Circular enterprises have low upstream and downstream greenhouse gas emissions. They minimize pollution and help eliminate waste. Partnering with fellow circular economy participants can drive down your scope 3 emissions.
5. Tracing Cargo With Geolocation
When logging carbon footprints, tracking how goods go from points A to B matters. Geolocation technology can help monitor cargo movement by land, sea and air.
Identifying inefficient routes and bottlenecks can help you determine more sustainable ways to move freight. Such insight can signal when you should find an equally reliable and affordable but closer supplier or a logistics company with stricter fuel efficiency policies.
6. Promoting Carbon Transparency With Blockchain
Reporting carbon footprint data is vital for achieving sustainable business practices. Being a green brand is rewarding for various reasons, so transparency is necessary for climate action accountability.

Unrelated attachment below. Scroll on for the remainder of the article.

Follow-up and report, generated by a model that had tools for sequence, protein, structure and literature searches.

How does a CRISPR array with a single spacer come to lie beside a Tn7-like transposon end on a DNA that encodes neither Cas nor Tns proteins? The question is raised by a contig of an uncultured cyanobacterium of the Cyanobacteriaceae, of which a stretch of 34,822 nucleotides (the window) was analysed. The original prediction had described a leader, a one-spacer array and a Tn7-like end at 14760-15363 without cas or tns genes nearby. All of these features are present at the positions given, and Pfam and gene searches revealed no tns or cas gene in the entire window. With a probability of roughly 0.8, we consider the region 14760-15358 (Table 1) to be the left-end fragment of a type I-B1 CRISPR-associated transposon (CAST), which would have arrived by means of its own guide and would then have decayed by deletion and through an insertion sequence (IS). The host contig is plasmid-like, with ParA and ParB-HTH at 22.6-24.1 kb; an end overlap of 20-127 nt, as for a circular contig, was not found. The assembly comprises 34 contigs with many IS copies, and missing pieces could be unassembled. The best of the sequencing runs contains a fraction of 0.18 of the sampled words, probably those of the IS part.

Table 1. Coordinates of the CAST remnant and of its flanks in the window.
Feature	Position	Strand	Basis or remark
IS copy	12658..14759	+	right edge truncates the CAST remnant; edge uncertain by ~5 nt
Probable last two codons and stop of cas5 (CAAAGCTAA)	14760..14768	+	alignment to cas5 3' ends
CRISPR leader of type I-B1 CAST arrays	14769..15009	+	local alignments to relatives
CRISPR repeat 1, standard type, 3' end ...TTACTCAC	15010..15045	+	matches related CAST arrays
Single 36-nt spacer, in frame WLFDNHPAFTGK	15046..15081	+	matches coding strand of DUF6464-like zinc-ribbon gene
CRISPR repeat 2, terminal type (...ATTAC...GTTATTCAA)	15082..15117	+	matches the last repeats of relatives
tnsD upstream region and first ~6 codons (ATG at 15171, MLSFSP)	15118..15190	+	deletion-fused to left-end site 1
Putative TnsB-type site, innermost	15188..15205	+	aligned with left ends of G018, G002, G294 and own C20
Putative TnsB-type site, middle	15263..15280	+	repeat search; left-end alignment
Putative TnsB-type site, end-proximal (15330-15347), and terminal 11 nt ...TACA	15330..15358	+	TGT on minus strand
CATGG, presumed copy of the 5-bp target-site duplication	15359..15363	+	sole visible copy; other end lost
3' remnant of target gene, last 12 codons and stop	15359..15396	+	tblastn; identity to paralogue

Blockchain can ensure data integrity because it’s a distributed immutable ledger, making it virtually impossible to tamper with. Stakeholders looking at the records can trust their accuracy.
Carbon markets should also follow the lead of microgrid operators selling excess solar energy and borrow this cryptocurrency innovation for record-keeping purposes. Blockchain renders carbon credits traceable, so buyers and sellers can see how many times they’ve changed hands and review their ownership history. Preventing double-counting and ensuring no counterfeit credits circulate can boost any carbon market’s credibility.
Blockchain networks can be public, private, semi-private or hybrid. Each has pros and cons, but public blockchains are the most secure. They’re decentralized, so there’s no single point of failure.
A hacker must launch a 51% attack to manipulate the records. This malicious endeavor becomes more expensive and challenging to pull off as the blockchain network grows. Public blockchains are the gold standard in cybersecurity — decentralized networks like Bitcoin are living proof.
The Global Supply Chain Will Only Get Greener
Key innovations already exist to make supply chains more sustainable. The ball is in the court of business executives. Decision-makers must adopt the changes above to reduce their carbon emissions meaningfully.